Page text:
Notable among the business community were the Fisher and Ranck families. William Fisher learned the hardware trade as a clerk for William H. Dennis, and eventually purchased the business. He carried a full line of shelf and heavy hardware, stoves, heaters, and ranges, cutlery, paints and oils, flour and feed, as well as a variety of farm machinery, and he huckstered stoves and hardware in his earlier years. He was also postmaster, and it was from his store that rural mail was first delivered in 1917. In 1900 he added Atlantic Gasoline to his stock, and seventy years later his son and daughter were the second oldest dealers of Atlantic-Arco products in the company’s distribution system.

Mr. and Mrs. John Ranck, the founders of the family in the area, had come to the future site of New Columbia in 1797, a part of this homestead remaining in the family for four generations. Their son Jonathan and his wife, Mary Dieffenderfer, were parents of ten children, most of whom found homes nearby; and their son Edward, who married Sarah Goodlander of White Deer, had eleven children. Two of the latter, John Jefferson Ranck and Samuel C. Ranck, were long-time New Columbia businessmen. The former learned the coach trade from William H. Blind, and after working as a journeyman at various places, returned home and built a shop and residence. He prospered and subsequently added an undertaking business. Samuel clerked in the general store of his brother-in-law, H. H. Trumfeller, and later bought the business. His daughter, Martha Ranck Farley, recalled that a Williamsport druggist spent several weeks with him to qualify him to handle drugs. She also remembered the demand for laudanum and patented remedies, and the need for restraint in dispensing them. Other specialties of the store were furniture and wallpaper. Samuel added a small overall factory to his businesses, employing several women, and with his brother laid out the New Columbia Cemetery, which was later moved to make room for highway construction.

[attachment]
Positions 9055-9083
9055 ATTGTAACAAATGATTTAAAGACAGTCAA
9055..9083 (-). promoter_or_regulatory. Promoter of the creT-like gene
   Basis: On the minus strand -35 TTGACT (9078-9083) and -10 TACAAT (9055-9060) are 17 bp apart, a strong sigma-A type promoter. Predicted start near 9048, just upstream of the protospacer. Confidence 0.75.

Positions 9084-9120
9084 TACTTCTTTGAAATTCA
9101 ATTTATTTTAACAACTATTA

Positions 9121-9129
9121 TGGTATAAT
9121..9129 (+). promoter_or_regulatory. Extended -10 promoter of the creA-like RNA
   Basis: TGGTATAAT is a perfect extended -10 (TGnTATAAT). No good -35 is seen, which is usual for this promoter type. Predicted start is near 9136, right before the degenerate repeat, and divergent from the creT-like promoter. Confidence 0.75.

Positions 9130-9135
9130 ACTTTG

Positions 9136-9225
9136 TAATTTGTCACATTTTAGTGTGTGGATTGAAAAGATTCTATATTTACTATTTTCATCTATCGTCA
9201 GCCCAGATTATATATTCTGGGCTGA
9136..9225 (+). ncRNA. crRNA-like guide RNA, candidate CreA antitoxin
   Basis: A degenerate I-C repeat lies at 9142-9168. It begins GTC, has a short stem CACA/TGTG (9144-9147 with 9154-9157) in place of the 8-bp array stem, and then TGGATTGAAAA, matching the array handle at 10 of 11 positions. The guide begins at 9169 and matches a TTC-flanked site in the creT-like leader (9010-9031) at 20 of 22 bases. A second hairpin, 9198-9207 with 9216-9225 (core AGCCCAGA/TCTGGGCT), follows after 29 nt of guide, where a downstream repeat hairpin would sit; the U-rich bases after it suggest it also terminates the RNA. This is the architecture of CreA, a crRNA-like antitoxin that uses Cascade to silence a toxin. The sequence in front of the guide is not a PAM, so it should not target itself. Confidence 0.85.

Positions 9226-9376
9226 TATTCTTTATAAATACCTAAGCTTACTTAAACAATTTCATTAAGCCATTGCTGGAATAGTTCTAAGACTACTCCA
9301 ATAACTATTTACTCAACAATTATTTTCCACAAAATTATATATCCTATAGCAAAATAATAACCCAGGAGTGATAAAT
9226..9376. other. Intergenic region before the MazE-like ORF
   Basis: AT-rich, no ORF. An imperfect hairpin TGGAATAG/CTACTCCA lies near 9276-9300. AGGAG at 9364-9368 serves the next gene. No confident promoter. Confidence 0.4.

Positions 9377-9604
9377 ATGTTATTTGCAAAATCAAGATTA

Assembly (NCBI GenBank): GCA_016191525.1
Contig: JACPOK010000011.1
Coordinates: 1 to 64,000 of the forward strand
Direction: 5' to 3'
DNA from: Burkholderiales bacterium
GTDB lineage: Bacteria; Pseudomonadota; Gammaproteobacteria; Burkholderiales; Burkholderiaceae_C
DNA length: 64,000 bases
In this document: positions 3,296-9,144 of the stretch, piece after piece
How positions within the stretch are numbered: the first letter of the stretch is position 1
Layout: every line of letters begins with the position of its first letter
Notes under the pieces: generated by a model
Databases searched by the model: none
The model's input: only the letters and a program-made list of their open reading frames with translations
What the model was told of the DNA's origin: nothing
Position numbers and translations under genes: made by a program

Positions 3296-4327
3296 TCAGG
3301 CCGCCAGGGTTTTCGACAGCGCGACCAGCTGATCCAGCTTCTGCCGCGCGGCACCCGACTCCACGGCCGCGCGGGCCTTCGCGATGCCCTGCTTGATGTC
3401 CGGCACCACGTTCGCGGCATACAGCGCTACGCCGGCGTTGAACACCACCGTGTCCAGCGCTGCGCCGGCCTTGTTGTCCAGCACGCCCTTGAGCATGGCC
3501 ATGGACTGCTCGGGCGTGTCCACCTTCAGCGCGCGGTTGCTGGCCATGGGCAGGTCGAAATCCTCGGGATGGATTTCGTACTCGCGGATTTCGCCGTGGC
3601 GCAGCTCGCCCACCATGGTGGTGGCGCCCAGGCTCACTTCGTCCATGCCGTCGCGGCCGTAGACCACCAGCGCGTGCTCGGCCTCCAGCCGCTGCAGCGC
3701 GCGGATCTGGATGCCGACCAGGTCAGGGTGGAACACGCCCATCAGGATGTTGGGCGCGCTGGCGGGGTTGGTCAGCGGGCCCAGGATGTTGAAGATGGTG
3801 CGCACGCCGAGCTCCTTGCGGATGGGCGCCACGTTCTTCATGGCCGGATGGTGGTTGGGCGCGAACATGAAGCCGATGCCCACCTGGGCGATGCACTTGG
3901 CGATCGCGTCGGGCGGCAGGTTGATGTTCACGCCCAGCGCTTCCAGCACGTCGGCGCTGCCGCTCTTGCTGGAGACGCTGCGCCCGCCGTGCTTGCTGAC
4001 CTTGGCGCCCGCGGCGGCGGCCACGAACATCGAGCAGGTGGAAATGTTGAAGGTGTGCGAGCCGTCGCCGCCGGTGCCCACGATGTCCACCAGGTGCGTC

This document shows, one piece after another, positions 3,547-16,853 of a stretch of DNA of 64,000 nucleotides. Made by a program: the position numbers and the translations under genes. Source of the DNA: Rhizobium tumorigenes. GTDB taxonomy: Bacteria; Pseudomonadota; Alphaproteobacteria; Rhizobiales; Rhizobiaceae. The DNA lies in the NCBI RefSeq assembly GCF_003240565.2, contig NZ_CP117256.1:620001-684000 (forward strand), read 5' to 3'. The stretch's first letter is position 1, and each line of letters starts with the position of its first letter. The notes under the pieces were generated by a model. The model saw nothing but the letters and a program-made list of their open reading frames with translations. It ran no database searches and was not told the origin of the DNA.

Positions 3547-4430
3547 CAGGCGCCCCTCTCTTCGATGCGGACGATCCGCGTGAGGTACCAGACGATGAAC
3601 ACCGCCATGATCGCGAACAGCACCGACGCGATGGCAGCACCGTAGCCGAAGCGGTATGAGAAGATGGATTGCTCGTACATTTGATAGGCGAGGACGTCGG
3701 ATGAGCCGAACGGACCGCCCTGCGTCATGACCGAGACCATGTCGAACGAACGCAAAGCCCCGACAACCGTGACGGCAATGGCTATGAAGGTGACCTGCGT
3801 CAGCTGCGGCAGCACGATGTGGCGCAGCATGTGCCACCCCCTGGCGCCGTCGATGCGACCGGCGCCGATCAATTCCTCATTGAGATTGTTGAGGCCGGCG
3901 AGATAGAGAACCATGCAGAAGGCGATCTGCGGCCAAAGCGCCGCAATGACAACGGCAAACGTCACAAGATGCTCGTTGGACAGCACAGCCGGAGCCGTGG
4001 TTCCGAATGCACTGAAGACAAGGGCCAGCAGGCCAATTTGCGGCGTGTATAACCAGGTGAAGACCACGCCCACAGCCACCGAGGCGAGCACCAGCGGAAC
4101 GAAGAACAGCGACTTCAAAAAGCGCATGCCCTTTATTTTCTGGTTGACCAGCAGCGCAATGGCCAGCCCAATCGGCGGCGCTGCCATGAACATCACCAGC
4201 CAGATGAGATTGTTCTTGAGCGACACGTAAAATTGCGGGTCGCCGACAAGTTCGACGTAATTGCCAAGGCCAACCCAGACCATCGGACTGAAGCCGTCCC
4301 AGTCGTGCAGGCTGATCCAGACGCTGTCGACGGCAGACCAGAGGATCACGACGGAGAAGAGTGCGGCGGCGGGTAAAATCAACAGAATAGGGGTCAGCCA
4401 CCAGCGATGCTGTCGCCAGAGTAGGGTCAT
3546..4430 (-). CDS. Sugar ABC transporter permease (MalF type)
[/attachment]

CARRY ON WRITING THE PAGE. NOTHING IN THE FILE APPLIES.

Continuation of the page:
Martha Ranck Farley also remembered that her grandfather had led a movement to grade the New Columbia school, and that she and three schoolmates had entered Milton High School, and, with the assistance of her Ranck kinsmen, had broken down the resistance of the school directors to the payment of tuition there. Other members of the Ranck family were teachers, physicians and farmers, and Dayton Ranck was the Treasurer of Bucknell University for many years.